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Fears for obese mothers-to-be

Only around 40 per cent of expectant mothers were at a healthy weight
Only around 40 per cent of expectant mothers were at a healthy weight

A quarter of pregnant women in Wigan borough are obese at the time of their first screening, new data has revealed.

Health professionals have warned women could be putting both their own and their baby’s health at risk by not losing weight before getting pregnant.

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According to figures from NHS Digital, around 2,820 women were weighed at their first antenatal booking appointment with Wrightington, Wigan and Leigh NHS Foundation Trust (WWL) in the 12 months to April 2018.

Of these, 25 per cent had a body mass index (BMI) of 30 or above, placing them in the obese range.

A further 30 per cent were deemed overweight, with a BMI of 25 or over, putting the borough’s soon-to-be mothers among the most overweight in England.

When the number of underweight women is taken into account, the figures mean only around 40 per cent of expectant mothers seen by the trust were considered to be at a healthy weight.

According to both the NHS and the Royal College of Midwives, obese women are more at risk of a range of complications during pregnancy and childbirth.

Across England, almost half of women were heavier than advised at their booking appointment. Just over 21 per cent were obese, while more than 27 per cent were overweight.

Tam Fry, spokesman for National Obesity Forum, said: “A woman unhealthily overweight at booking in can not only be a health risk for her foetus but also for herself.

“The increasing number of babies being born already obese is also very concerning.”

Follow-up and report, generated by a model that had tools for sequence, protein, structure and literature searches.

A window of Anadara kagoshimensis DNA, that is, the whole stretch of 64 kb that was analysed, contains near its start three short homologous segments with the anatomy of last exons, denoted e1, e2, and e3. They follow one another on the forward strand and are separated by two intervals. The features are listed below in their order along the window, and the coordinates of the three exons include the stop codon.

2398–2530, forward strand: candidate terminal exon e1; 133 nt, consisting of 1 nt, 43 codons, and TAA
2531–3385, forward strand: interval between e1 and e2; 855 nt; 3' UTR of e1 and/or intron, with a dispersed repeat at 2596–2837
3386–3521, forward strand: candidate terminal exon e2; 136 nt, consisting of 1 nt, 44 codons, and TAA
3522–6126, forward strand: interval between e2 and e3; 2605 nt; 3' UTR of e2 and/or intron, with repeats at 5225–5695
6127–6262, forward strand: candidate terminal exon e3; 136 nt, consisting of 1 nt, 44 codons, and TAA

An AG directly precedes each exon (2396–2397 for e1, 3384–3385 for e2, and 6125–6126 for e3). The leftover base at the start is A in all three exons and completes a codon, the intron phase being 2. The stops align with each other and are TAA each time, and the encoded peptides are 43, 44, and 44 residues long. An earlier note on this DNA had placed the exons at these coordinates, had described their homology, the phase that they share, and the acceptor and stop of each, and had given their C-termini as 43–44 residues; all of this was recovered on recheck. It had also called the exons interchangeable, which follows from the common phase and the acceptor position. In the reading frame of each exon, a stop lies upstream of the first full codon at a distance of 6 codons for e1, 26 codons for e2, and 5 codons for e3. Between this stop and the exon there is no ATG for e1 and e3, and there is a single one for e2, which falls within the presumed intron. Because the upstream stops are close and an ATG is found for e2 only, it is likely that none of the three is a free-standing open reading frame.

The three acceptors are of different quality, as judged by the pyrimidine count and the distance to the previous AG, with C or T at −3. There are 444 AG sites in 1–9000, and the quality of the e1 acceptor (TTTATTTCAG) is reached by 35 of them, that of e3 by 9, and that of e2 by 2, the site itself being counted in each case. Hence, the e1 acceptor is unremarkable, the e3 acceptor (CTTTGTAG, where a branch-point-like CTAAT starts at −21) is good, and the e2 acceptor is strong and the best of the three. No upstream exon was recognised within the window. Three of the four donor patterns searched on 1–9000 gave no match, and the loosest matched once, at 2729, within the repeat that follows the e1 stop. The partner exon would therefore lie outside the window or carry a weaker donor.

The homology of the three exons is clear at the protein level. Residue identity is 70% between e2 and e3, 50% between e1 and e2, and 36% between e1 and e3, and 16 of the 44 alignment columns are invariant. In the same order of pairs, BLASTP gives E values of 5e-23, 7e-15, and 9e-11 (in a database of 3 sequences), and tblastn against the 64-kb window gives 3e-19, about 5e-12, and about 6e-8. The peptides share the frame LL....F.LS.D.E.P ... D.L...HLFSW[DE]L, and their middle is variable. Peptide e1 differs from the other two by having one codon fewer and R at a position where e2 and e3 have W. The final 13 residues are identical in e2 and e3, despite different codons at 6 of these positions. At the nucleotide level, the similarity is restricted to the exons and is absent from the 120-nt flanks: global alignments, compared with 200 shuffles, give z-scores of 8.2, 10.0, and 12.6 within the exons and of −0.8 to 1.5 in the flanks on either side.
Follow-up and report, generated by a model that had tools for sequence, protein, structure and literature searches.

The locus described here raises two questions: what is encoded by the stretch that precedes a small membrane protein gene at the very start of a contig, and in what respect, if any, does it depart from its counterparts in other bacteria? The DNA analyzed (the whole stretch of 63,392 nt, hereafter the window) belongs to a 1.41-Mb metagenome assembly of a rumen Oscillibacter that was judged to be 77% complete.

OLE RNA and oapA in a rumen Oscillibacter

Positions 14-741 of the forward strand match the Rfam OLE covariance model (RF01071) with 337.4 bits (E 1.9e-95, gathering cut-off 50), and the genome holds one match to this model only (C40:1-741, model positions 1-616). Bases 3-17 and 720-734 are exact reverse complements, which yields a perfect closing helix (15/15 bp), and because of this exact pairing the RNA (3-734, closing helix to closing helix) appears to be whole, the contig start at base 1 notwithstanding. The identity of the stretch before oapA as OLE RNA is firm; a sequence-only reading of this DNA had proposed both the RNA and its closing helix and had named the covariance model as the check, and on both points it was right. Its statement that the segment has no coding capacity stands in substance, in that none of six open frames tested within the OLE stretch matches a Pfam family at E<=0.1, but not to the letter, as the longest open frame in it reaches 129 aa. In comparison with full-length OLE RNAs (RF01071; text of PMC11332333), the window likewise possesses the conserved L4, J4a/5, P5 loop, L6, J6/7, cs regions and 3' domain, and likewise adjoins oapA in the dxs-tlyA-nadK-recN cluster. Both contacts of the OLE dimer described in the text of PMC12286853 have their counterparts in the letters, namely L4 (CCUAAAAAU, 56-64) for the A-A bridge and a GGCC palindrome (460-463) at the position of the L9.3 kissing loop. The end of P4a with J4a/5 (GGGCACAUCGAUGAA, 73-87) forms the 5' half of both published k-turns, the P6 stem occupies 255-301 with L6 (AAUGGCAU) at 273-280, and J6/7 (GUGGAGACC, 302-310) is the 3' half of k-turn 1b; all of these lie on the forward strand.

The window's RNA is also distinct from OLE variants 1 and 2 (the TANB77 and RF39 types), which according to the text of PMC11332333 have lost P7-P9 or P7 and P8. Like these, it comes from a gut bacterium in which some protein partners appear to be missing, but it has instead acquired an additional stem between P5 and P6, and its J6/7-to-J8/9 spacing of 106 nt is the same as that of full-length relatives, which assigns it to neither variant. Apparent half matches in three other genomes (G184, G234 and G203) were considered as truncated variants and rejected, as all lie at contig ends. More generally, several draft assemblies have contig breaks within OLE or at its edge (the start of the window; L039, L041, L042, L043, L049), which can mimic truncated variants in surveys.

A WWL spokesman said staff calculate the BMI of all pregnant women and do risk assessments, using the information to plan their care.

He continued: “The care planning also includes the offer of additional testing and monitoring of both mother and baby.

“Midwives provide advice and support to all mothers on the importance of eating a healthy balanced diet and under taking gentle exercise such as walking or attending aqua-natal exercise sessions for 30 minutes three times per week.

“The maternity service works collaboratively with Inspiring Healthy Lifestyles and specialist weight management services to provide support to achieve a healthy balanced diet and promote the undertaking of exercise so that following pregnancy and birth new mothers are able to sustain lifestyle changes, thus reducing the risk for subsequent pregnancies.”

Prof Kate Ardern, director of public health at Wigan Council, said: “As part of Lose Weight Feel Great, the maternity pathway within the specialist weight management service offers individual sessions for women with a BMI over 30, with a specialist physiotherapist and a dietitian for the duration of their pregnancy and also after baby is born.

“Pregnant women can access the service directly but the majority are referred by their midwife. The aim is to support women to control weight gain during pregnancy, promoting healthy diet changes and encouraging appropriate activity for mother and baby. The support is tailored to the mother’s needs. It’s not about telling mothers what to do.”